- 1) When you envision the future of Quakerism, what do you see? Realistically, how do we get from here to there?
- 2) Johanna states that from this project she realized, “that I and people around me are doing things that specifically contribute to our decline.” Can you think of actions you or folks in your community have taken that actively contribute to a decline? What sorts of things were they? Were they addressed? If so, how? If not, what was the consequence of it?
The views expressed in this video are of the speakers and do not necessarily reflect the views of Friends Journal or its collaborators.
7 thoughts on “Envisioning a Strong Future for Quakerism”
This was a great beginning. I believe this subject warrants a 20 to 30 minute video from QuakerSpeak. Let Johanna and JT get into some specifics of what they have learned and if available some possible steps their group is considering to make Quakerism more vibrant forward thinking. Love this week’s post!
Did Johanna and JT find any Quakers interested in living in community?
I found this interesting, though disappointing. I had hoped to hear about such urgent concerns as climate collapse, racism, poverty, and the classism that often separates us Quakers from people whose everyday lives are so impacted by privileged choices. I wonder whether there is any plan to listen to people who live with such struggles, to help us truly move towards more of a gathered community 30 years from now.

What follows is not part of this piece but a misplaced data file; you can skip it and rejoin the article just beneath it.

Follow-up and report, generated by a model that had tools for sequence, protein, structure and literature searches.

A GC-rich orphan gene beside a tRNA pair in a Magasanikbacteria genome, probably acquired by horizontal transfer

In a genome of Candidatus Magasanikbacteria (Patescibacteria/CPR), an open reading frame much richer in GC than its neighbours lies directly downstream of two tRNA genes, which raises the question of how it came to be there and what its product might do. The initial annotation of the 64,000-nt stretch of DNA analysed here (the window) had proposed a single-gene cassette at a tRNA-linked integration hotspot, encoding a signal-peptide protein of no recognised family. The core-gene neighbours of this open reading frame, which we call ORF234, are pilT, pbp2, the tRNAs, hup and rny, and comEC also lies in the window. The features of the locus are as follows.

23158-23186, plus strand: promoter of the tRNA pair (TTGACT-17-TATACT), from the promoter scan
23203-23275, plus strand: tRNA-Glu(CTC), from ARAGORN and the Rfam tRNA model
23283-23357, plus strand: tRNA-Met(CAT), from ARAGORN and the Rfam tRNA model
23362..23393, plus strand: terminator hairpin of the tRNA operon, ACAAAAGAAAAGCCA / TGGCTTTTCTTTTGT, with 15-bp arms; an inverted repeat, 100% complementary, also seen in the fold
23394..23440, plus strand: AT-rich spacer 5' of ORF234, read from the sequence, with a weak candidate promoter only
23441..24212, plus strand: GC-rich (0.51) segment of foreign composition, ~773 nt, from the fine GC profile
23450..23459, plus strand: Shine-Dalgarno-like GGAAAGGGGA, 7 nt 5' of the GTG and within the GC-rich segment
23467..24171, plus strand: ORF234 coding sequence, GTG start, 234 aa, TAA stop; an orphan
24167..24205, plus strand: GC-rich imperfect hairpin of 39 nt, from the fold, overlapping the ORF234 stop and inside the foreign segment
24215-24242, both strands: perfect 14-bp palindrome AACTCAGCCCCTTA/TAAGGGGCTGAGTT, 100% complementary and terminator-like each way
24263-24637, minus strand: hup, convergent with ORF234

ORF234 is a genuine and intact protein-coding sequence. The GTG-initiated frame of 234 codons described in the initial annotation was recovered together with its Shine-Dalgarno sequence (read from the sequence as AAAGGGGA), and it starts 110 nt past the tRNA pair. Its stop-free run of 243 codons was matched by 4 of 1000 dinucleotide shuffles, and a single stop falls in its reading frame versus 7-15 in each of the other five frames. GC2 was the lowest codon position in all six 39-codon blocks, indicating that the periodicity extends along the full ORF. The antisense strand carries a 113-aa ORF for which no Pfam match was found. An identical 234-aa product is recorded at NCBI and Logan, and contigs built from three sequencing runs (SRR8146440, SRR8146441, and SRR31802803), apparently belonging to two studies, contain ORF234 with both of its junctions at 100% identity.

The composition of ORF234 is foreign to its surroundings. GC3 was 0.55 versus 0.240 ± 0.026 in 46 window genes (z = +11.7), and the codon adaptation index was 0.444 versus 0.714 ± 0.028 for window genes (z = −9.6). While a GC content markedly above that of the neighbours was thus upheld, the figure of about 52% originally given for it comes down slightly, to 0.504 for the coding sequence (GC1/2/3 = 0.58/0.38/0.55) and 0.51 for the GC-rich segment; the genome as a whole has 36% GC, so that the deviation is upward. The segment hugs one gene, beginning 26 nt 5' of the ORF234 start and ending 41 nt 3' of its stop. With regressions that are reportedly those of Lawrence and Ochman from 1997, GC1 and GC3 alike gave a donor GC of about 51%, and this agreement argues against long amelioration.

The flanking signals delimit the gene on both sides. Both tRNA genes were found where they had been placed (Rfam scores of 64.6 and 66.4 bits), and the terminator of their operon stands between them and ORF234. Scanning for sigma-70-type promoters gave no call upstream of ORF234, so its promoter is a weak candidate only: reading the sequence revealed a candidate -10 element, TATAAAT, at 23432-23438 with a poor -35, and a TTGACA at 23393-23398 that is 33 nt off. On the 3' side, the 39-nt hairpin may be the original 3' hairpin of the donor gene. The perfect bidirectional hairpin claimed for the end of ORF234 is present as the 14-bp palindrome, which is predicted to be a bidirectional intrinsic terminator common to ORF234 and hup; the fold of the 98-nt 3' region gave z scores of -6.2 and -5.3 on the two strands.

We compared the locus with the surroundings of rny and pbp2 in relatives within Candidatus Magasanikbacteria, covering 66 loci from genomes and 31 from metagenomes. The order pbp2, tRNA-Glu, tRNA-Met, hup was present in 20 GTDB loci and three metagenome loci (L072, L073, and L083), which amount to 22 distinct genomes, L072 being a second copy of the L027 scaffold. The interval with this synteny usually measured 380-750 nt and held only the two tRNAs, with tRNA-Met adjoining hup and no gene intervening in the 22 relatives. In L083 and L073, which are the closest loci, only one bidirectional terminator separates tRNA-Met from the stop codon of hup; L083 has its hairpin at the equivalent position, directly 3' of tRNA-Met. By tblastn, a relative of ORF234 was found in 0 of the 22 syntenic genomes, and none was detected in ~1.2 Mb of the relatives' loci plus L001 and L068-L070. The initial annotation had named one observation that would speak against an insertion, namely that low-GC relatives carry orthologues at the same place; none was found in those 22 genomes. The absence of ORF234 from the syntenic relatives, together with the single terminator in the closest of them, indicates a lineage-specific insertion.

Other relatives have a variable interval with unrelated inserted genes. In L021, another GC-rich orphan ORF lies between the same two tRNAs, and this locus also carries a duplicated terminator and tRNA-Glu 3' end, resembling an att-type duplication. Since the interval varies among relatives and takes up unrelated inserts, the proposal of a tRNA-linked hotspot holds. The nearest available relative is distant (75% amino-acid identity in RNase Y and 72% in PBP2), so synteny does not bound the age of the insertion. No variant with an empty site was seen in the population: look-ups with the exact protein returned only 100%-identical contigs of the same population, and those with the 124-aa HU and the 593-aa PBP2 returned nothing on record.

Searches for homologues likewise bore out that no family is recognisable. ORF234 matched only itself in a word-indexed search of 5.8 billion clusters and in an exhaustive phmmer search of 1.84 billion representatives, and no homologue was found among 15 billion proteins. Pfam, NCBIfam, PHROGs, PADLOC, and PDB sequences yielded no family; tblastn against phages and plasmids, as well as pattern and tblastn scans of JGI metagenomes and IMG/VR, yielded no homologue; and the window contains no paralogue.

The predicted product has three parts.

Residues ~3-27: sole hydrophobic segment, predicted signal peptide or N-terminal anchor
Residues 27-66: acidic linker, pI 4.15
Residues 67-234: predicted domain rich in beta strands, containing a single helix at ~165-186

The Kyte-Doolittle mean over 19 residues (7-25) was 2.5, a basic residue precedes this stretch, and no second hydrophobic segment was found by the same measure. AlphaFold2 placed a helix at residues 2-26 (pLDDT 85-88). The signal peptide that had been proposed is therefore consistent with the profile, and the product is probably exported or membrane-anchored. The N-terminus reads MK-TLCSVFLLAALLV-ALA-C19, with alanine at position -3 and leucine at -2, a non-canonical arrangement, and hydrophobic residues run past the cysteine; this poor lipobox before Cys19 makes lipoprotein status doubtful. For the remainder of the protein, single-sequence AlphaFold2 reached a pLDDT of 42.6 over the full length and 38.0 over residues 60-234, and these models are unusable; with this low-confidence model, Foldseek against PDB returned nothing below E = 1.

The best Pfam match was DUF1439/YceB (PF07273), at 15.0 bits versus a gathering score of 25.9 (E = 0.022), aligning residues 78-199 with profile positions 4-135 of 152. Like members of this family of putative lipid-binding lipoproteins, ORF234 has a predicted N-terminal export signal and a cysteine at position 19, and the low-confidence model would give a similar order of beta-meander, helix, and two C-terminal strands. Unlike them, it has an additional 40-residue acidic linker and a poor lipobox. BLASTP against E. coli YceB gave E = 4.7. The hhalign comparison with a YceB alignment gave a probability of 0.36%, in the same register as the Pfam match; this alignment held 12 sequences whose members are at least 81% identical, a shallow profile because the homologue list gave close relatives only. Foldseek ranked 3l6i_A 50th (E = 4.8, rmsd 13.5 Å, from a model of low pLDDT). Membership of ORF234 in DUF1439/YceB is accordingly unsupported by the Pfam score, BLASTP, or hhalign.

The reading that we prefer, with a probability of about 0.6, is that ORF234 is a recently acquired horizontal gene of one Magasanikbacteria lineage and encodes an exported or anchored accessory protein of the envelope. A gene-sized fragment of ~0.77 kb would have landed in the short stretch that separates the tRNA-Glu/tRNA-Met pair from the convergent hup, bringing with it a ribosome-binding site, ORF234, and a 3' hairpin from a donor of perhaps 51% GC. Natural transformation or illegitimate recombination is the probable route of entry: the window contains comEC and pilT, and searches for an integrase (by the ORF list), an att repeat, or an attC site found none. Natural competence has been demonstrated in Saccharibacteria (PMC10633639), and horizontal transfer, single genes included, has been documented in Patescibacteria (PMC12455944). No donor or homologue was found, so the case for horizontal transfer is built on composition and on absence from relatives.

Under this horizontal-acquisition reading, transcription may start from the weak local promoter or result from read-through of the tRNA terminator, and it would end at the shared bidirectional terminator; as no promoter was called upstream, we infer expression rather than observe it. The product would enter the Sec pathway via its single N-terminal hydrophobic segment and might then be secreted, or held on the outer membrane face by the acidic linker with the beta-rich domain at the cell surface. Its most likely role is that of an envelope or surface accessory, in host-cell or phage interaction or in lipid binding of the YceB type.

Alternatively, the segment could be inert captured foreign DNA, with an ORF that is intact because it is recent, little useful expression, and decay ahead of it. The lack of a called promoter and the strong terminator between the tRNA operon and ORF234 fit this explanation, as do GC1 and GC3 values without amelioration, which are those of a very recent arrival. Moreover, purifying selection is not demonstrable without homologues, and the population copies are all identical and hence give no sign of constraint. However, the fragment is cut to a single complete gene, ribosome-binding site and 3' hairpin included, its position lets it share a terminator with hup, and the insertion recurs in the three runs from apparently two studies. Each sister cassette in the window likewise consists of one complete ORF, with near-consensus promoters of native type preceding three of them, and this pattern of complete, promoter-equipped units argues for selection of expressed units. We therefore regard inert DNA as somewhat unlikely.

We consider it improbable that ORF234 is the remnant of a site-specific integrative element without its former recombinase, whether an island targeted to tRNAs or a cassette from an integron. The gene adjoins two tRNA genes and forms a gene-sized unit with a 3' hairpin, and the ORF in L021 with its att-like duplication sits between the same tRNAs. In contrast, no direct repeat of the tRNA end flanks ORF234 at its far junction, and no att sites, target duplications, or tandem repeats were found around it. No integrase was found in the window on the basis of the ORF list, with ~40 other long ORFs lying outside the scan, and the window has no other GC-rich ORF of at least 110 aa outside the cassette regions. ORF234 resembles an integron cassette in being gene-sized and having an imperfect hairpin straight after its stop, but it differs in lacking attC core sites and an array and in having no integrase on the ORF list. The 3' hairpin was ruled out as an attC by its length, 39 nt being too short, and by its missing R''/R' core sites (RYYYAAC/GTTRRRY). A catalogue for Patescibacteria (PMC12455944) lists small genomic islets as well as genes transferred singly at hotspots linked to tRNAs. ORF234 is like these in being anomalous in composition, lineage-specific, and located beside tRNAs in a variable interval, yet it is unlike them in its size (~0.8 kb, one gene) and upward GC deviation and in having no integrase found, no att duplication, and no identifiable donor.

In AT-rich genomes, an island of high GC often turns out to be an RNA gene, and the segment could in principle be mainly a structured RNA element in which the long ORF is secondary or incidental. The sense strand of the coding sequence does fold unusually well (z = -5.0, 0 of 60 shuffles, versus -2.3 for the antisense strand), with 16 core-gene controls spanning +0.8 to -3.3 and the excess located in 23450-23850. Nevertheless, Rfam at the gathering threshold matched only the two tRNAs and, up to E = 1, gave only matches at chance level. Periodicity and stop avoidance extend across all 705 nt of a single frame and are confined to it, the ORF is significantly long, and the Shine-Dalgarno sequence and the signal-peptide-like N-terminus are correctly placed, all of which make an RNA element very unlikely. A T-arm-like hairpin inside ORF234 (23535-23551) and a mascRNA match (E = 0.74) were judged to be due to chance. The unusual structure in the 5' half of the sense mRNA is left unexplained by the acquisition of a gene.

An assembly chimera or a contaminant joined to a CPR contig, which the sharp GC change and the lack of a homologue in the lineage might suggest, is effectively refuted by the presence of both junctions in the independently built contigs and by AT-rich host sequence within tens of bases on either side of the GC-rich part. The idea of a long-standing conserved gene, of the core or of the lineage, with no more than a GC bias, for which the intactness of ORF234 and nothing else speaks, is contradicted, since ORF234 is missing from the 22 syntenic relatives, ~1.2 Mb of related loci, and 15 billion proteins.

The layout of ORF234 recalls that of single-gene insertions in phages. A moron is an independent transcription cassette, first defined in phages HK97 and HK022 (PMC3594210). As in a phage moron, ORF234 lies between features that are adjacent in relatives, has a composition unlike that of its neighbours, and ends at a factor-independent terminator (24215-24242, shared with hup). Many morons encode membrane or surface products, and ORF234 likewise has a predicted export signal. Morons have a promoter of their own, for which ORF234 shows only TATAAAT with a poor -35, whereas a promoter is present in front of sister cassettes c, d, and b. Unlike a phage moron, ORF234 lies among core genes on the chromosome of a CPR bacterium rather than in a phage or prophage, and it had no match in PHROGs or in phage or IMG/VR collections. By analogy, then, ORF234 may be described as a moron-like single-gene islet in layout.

I love this but have to say that we need to make a clear distinction between individualism, being totally or mostly for oneself and individuality, being oneself. We need to support everyone’s individuality so that we can recognise when we need to choose not to think just of ones self.
I have difficulty expressing this fully but I keep trying.
We should be about celebrating our differences.
We are not about conforming our individuality so that we are all the same.
I too would be very interested in the learnings that Johanna and JT gained from their ‘Listening Project’ – what are the main themes and has there been much thought as to how to implement the changes that may be required?
I’m sorry but this video is vague and non-specific. No concrete details, no distinct plan. What they say is noncommittal to anything! As quakers we need to stop talking in theory, in ideas of what we want to change. We need to be specific. What can we work on to change what we are doing now? Who will tend to our infrastructure? If you are doing work to listen, then communicate too!
I, too, wanted specifics. HOW do we get from here to there? And where exactly IS the there?
There are plenty of groups working on sustainability, leading less materialistic lives, etc.
What does Quakerism offer that they don’t? If Quakerism doesn’t offer anything more,